That doesn't mean machines will always be this way. Machine learning, a branch of artificial intelligence in which computers adapt to new data, poses a challenge if applied to drones. "I'm concerned with the development of self-programming," Krishnan says. "As a self-programming machine learns, it can become unpredictable."

Such a system doesn't exist now and it won't for the foreseeable future. Moreover, the U.S. government isn't looking to develop complex behaviors in drones. A Pentagon directive published last year says, "Autonomous and semi-autonomous weapon systems shall be designed to allow commanders and operators to exercise appropriate levels of human judgment over the use of force."

So, if problematic development of these types of weapons is already off the table, what is driving the outcry over lethal autonomy?

It's difficult to escape the science fiction aspect to this debate. James Cameron's Terminator franchise is a favorite image critics conjure up to illustrate their fears. Moreover, the concern seems rooted in a moral objection to the use of machines per se: that when a machine uses force, it is somehow more horrible, less legitimate, and less ethical than when a human uses force. It isn't a complaint fully grounded in how machines, computers, and robots actually function.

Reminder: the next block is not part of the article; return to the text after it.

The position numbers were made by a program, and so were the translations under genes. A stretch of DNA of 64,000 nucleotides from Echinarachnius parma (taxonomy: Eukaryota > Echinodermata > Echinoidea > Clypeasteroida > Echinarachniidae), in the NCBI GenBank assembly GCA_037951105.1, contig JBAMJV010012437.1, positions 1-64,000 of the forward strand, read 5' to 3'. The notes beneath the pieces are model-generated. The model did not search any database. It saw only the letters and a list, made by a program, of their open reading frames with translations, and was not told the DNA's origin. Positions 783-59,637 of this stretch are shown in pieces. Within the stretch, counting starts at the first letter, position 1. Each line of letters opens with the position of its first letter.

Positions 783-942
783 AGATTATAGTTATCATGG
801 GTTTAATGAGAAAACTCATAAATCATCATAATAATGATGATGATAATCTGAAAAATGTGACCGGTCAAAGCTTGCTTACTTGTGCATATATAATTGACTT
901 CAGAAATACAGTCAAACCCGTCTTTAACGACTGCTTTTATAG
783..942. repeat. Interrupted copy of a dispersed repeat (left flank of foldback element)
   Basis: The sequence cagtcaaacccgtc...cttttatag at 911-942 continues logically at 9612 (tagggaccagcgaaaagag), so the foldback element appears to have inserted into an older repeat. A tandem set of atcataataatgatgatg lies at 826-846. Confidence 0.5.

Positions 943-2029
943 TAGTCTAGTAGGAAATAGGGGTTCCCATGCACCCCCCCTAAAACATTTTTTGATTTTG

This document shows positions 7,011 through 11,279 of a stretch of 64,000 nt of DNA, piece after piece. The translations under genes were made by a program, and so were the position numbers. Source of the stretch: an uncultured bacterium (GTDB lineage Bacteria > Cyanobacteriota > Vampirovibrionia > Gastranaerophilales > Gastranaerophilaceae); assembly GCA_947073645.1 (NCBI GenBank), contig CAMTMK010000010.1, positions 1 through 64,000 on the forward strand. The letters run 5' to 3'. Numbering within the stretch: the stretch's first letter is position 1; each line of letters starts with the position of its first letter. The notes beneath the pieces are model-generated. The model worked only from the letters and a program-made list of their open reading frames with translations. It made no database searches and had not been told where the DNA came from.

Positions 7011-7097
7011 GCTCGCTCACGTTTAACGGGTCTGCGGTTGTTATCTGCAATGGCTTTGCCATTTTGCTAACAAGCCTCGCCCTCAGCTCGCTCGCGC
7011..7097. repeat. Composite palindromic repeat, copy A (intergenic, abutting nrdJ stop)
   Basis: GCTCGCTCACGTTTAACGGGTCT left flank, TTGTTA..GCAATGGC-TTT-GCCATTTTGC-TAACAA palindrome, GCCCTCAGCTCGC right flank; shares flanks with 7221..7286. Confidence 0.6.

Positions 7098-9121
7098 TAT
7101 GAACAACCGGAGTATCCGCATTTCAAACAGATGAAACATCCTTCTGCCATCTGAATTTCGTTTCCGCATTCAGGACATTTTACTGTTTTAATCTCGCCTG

The dangers posed by unpredictable, self-learning robots is very real. But that is only one way that drones would employ autonomy. In many cases, human rights would actually benefit from more autonomy -- fewer mistakes, fewer misfires, and lower casualties overall.

And if something goes wrong, culpability can be more easily established. From a legal standpoint, countries cannot violate international human rights law or the laws of armed conflict, regardless of whether a drone has a human operator or not. But unlike the lengthy investigations, inquests, and trials required to unravel why a human made a bad decision, making that determination for a machine can be as simple as plugging in a black box. If an autonomous drone does something catastrophic or criminal, then there should be a firmly established liability for those responsible.